The Fokker D.XXI fighter was designed in 1935 for use by the Royal Netherlands East Indies Army Air Force .As such, it was designed as a cheap and small, but rugged aircraft, which had respectable performance for its time. Entering operational use in the early years of World War II, it provided yeoman service for both the Luchtvaartafdeling (Dutch Army Aviation Group) and the Finnish Air Force, and a few were built by the Carmoli factory before the factory fell into Nationalist hands during the Spanish Civil War.
The result of these changes was the M.S.406. The two main changes were the inclusion of a new wing structure which saved weight, and a retractable radiator under the fuselage. Powered by the production 641.3 kW (860 hp) HS 12Y-31 engine, the new design was over 8 km/h (5 mph) faster than the 405, at 489 km/h (304 mph). Armament consisted of a 20 mm (0.787 in) Hispano-Suiza HS.9 or 404 cannon with 60 rounds in the V of the engine and fired through the propeller hub, and two 7.5 mm (0.295 in) MAC 1934 machine guns (one in each wing, each with 300 rounds). A weakness of the MAC 1934 was its operation at high altitudes. It was found that at altitudes over 20,000 ft, the guns had a tendency to freeze. Heaters were added to the guns for high altitude use.
In 1936, the Finnish Air Force ordered 18 Blenheim Mk Is from Britain and two years later, they obtained a manufacturing license for the aircraft. Before any aircraft could be manufactured at the Valtion lentokonetehdas (State Airplane Factory) in Finland, the Winter War broke out, forcing the Finns to order more aircraft from the UK. A further 24 British-manufactured Blenheims were ordered during the Winter War. After the Winter War, 55 Blenheims were constructed in Finland, bringing the total number to 97 aircraft (75 Mk Is and 22 Mk IVs).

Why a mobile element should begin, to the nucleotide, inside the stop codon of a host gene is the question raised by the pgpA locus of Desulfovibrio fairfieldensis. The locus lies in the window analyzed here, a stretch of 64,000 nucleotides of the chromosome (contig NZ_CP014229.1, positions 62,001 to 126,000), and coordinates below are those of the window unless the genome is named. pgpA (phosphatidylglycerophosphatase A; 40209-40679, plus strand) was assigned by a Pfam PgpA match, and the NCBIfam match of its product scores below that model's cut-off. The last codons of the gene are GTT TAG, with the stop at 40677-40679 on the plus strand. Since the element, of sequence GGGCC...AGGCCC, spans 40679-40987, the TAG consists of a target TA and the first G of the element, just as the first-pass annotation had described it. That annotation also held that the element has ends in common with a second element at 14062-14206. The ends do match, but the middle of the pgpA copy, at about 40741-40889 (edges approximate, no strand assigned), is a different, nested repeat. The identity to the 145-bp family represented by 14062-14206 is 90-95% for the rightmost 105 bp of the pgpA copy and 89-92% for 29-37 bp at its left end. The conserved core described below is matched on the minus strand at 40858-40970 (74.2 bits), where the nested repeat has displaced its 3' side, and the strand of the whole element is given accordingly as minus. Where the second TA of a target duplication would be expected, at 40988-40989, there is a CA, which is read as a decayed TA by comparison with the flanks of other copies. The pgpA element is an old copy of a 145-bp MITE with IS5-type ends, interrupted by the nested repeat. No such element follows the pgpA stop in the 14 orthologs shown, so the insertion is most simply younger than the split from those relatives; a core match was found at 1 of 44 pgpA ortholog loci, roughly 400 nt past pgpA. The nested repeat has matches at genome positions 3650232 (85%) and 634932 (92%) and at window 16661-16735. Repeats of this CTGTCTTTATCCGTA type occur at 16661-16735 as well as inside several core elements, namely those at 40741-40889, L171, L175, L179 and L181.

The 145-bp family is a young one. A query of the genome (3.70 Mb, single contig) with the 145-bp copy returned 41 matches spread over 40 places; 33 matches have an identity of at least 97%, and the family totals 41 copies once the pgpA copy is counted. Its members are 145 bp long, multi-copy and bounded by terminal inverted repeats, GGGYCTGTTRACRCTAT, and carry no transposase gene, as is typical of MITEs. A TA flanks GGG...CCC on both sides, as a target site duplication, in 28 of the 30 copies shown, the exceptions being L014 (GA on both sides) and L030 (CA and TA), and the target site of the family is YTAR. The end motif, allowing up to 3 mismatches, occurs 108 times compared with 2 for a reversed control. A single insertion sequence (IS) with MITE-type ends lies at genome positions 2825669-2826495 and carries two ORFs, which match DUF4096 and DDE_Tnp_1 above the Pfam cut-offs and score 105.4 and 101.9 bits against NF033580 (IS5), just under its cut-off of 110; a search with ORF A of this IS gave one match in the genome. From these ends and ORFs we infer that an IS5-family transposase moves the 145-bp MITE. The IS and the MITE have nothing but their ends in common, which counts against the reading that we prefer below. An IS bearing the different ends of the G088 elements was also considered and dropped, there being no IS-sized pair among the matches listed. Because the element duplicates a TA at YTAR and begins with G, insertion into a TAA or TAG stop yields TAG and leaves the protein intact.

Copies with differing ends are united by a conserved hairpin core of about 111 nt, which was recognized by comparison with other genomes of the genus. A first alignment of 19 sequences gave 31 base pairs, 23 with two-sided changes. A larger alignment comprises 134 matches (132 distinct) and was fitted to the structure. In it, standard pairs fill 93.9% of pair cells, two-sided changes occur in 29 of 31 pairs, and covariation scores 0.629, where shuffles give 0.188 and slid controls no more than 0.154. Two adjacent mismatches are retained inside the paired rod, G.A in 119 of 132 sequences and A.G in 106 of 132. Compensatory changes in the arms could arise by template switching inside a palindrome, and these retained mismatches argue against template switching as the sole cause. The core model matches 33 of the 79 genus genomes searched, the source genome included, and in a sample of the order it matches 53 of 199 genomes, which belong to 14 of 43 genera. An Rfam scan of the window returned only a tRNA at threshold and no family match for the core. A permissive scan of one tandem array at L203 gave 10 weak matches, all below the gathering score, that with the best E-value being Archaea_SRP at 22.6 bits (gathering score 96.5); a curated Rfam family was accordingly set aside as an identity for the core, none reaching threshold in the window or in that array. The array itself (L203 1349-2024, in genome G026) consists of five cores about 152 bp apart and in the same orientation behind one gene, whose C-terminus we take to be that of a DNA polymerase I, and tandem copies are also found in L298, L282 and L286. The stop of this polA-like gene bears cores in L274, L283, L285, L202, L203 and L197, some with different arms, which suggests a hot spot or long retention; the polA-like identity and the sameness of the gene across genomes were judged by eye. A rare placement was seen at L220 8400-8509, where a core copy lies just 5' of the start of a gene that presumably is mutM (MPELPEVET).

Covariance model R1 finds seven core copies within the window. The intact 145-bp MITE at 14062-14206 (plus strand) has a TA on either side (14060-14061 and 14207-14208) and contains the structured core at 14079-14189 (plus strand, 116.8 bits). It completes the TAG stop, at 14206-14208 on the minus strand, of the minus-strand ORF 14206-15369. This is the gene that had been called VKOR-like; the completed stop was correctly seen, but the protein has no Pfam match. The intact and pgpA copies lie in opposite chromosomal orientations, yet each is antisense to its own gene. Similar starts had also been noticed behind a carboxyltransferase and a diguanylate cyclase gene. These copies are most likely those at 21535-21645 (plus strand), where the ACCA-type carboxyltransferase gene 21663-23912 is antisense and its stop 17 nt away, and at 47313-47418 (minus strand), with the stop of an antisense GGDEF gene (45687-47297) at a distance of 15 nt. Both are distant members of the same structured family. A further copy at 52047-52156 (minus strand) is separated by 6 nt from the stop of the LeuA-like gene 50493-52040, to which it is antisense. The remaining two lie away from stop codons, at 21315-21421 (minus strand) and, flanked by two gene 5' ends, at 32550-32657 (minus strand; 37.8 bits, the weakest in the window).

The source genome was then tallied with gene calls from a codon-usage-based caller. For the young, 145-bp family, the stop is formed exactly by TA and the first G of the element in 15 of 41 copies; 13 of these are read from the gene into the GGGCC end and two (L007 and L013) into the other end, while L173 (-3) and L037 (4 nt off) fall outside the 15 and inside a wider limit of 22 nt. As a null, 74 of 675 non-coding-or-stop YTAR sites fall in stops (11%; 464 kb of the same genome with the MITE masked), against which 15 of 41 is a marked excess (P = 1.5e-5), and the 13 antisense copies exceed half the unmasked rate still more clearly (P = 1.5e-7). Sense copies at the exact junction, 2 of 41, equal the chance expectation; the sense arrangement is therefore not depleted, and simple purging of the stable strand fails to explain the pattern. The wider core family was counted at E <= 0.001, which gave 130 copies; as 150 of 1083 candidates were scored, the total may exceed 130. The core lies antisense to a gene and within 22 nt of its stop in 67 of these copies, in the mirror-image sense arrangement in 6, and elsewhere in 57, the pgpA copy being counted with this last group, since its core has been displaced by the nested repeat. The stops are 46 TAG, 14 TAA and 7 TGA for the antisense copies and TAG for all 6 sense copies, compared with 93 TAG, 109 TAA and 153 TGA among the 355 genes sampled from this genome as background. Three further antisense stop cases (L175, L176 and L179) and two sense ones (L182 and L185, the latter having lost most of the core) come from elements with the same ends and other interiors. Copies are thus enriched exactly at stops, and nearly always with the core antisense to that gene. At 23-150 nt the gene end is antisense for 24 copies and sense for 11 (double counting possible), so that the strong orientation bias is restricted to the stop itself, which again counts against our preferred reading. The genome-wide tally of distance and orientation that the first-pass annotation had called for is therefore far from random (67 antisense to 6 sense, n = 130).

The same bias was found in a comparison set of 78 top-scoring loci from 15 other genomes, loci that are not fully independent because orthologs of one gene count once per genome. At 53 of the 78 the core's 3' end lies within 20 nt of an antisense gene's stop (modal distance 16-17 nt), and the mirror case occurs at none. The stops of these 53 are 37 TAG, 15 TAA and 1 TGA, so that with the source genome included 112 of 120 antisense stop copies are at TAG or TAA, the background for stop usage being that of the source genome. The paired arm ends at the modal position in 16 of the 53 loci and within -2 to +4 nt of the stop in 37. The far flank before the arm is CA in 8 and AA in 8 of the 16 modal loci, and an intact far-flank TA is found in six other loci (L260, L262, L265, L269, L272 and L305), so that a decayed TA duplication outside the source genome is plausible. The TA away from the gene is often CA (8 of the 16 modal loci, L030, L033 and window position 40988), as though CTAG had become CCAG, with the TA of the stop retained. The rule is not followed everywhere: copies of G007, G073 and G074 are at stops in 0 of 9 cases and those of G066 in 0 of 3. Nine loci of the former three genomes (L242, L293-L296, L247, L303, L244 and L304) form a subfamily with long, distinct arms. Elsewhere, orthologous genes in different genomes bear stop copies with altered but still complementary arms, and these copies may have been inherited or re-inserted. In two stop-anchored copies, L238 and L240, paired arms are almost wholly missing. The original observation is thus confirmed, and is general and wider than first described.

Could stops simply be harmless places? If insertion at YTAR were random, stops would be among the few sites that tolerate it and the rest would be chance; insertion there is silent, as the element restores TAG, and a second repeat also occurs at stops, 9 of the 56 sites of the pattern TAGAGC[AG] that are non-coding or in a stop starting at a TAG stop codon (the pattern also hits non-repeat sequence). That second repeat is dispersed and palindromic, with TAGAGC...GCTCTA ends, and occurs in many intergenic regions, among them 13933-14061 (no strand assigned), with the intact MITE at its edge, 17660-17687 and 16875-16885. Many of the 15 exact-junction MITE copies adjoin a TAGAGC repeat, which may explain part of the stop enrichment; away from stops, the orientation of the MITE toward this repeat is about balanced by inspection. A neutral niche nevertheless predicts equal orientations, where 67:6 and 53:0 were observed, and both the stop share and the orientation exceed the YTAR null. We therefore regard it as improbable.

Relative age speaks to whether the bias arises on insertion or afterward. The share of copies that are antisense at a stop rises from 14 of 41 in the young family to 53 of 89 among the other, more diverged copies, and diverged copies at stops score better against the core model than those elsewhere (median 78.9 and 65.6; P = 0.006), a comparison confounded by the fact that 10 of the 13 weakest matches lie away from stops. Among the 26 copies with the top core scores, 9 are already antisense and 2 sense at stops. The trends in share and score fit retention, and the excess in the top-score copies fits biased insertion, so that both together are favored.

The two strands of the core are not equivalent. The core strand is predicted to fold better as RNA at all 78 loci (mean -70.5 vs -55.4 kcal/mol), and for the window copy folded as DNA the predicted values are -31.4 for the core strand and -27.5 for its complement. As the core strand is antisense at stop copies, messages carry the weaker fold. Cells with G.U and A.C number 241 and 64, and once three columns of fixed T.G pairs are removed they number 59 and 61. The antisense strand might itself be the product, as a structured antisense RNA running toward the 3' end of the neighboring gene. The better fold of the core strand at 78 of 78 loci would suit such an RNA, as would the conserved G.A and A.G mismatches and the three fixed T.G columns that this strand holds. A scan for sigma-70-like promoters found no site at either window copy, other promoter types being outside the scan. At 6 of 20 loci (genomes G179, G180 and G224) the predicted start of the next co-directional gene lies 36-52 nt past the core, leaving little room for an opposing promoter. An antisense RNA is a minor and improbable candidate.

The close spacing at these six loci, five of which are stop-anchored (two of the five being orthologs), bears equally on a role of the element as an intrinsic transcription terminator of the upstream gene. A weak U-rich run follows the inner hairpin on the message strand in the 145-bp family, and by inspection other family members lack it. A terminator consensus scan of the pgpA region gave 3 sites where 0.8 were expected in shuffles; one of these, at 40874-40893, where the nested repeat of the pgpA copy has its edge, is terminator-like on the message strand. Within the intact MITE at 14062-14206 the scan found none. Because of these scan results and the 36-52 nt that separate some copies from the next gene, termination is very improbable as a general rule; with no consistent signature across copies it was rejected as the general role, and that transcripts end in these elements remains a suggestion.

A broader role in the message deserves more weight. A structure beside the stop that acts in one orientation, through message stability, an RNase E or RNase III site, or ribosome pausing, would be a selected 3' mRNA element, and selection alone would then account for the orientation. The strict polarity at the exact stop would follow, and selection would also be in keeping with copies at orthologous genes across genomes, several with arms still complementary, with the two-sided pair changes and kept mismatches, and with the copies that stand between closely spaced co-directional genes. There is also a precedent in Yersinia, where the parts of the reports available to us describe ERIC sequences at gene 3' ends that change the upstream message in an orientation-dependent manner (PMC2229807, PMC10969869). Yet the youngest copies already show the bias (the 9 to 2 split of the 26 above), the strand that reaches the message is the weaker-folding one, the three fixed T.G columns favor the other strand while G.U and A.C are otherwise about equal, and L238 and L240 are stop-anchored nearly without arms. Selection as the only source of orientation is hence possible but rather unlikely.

The Finns also received 20 half-completed ex-Yugoslavian Mk IV Blenheims captured by Germany, together with manufacturing tools and production equipment, as well as a huge variety of spare parts. Yugoslavia had ceased production of the Mk I and commenced a production run of Mk IVs just prior to the April 1941 invasion.
The Finnish Blenheims flew 423 missions during the Winter War, and close to 3,000 missions during the Continuation War and Lapland War. Blenheim machine-gunners also shot down eight Soviet aircraft. Thirty-seven Blenheims were lost in combat during the wars.
After the war, Finland was prohibited from flying bomber aircraft by the Paris Peace Treaty, with Finland's Blenheims being placed into storage in 1948. However, in 1951, five Blenheims were re-activated for use as target tugs, with the last flight of a Finnish Blenheim taking place on 20 May 1958.
No. 26 Squadron (Finnish: Lentolaivue 26 or LLv.26, from 3 May 1942 Le.Lv.26), renamed No. 26 Fighter Squadron (Finnish: Hävittäjälentolaivue 26 or HLe.Lv.26 on 14 February 1944) was a fighter squadron of the Finnish Air Force during World War II. The squadron was part of Flying Regiment 2 during the Winter War and Flying Regiment 3 during the Continuation War.